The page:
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Sugar water tank problem (again)

  1. Oct 21, 2009 #1
    Thank you for any help that you can give me. I am very bad at differential equations and this one is really stumping me.
    1. The problem statement, all variables and given/known data
    A tank contains 2740 L of pure water. A solution that contains 0.05 kg of sugar per liter enters a tank at the rate 3 L/min The solution is mixed and drains from the tank at the same rate.


    2. Relevant equations
    I guess I need to solve for ds/dt, which I think would be something along the lines of
    ds/dt=.15-3s/2740, or the rate at which the sugar enters minus the rate at which it leaves.

    3. The attempt at a solution

    So far I've found the equation above and I think that the solution is something like e^[(-3*t)/2740], but my online homework thing keeps saying that it is wrong. Also, that solutino doesn't work for s(0)=0 and subtracting one from the above equation does not work. Does anybody have any suggestions? I think I might be solving the differential equation wrong, but I'm sure that my integrating factor is correct. Thank you very much.
     
  2. jcsd
  3. Oct 21, 2009 #2

    lanedance

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    Homework Helper

    the rate of change will be the difference between the sugar in (conc of 0.05kg/l at 3L/M per min) & the sugar out (conc of tank)

    I am guessing you have used s for the sugar in the tank?

    one would expect it would start at zero and increase assymotically to the concentration of the incoming stream

    inlet stream (conc c_0=0.05kg/L) sugar in
    (ds/dt)_in = c_0*3L/min = 3*(0.05)
    (ds/dt)_out = c_tank*3L/min = (s/2740)*3

    so the differential equation looks correct
    ds/dt=3*(0.05-s/2740) with initial condition s(0) = 0

    (2740/3)*ds/dt = 2740*0.05-s

    maybe show how you solve this & we can have a look at it

    hint you could try the subtitution & variable change
    u = s-2740*0.05
     
  4. Oct 21, 2009 #3
    Yeah, I chose s for the amount of sugar in the tank.
    Anyway, here is how I would try to solve this (probably wrong)
    (2740/3)*ds/dt=2740*0.05-s
    ds/dt=.15-3s/2740
    ds/dt+3s/2740=.15 I(t)=e^(3t/2740)
    ds/dt*e^(3t/2740)+(3s/2740)e^(3t/2740)=.15*e^(3t/2740)
    integrate both sides:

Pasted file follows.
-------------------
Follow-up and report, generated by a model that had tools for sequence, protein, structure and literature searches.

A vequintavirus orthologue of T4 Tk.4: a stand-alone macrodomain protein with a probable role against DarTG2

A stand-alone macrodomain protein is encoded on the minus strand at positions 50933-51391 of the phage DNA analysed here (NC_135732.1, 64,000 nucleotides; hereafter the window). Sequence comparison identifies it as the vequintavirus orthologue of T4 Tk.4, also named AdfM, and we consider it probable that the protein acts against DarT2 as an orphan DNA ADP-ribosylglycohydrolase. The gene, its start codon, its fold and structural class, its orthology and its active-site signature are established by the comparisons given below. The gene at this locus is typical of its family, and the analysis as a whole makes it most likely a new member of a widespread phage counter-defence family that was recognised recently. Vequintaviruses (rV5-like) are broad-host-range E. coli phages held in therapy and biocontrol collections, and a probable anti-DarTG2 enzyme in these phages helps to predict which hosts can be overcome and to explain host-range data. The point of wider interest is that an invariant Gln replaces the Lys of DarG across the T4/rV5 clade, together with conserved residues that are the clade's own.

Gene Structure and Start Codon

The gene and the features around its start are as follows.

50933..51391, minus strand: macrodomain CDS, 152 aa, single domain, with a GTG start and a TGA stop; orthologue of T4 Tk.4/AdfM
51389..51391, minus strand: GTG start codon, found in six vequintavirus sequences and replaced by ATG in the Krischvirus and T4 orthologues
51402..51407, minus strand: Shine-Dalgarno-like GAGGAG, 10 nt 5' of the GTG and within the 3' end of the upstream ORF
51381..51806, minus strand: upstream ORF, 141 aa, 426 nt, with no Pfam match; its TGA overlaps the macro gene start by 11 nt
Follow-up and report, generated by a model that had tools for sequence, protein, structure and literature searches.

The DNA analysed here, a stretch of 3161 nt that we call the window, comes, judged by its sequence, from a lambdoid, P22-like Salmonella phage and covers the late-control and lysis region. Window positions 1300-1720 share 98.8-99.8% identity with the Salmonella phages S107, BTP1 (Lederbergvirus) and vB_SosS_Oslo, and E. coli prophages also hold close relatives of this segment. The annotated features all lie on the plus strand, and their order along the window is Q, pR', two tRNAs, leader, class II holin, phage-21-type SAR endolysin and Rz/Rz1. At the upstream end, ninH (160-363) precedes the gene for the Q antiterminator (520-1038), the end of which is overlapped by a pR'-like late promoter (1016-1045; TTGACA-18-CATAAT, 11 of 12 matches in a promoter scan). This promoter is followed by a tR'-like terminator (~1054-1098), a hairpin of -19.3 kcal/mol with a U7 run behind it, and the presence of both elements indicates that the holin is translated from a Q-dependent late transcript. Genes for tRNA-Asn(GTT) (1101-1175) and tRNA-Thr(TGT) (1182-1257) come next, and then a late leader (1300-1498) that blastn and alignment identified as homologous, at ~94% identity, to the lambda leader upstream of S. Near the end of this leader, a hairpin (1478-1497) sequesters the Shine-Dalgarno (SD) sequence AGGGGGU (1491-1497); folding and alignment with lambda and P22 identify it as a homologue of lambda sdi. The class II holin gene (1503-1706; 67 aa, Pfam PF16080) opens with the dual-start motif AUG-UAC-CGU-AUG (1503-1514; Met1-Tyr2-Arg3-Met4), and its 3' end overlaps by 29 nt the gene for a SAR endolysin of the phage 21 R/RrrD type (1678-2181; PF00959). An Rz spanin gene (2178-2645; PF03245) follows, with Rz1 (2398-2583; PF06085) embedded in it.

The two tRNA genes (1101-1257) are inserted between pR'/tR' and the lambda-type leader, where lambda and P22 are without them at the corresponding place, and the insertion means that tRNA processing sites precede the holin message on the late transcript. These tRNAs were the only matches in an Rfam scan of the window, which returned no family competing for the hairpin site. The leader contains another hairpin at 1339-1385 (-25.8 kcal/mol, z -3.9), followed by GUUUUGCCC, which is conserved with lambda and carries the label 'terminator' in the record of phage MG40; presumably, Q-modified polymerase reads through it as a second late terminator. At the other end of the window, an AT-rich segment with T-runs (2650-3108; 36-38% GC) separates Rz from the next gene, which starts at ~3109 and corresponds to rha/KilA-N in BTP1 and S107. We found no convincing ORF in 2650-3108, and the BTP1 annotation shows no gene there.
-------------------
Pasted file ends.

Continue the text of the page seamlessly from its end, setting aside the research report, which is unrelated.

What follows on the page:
e^(3t/2740)s=.15e^(3t/2740)*(2740/3)
    simplify:
    e^(3t/2740)s=137(e^3t/2740)
    And this is where I get stuck. Because then I get that s(t)=137, which obviously is wrong. Sorry about the slow post.
     
  5. Oct 21, 2009 #4

    lanedance

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    i haven't used integrating factors for ages, but how about the substitution?

    so if you have
    (2740/3)*ds/dt = 2740*0.05-s

    let u = s-2740*0.05
    then
    du/dt = ds/dt

    do the equation becomes
    (2740/3)*du/dt = -u

    should be able to separate, integrate & substitute back in for s
     
    Last edited: Oct 21, 2009
  6. Oct 21, 2009 #5
    I ended up with -e^(3t/2740)+137=s but my homework thing still said that the answer was wrong.

    My steps were:
    3dt/2740=du/-u integrate both sides:
    3t/2740=ln|-u|
    e^(3t/2740)=137-s
    -e^(3t/2740)+137=s
    The problem is that this just doesn't fit the initial condition of 0 kg sugar. And when I changed the constant so that it was (+/-)e^3t/2740) (either way) -1, it still said that I was wrong, even though the initial condition was met.
     
  7. Oct 21, 2009 #6

    lanedance

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    you're right that its wrong, that answer makes no sense, s will tend toward negative infinity and the initial condition is not met -> s(0) =-e^(0) + 137, which is not 0

    i think the problem is with the negative, move it to the t side of the equation before integrating, then keep a constant when you integrate as well, then choose it to satisfy your initial condition
     
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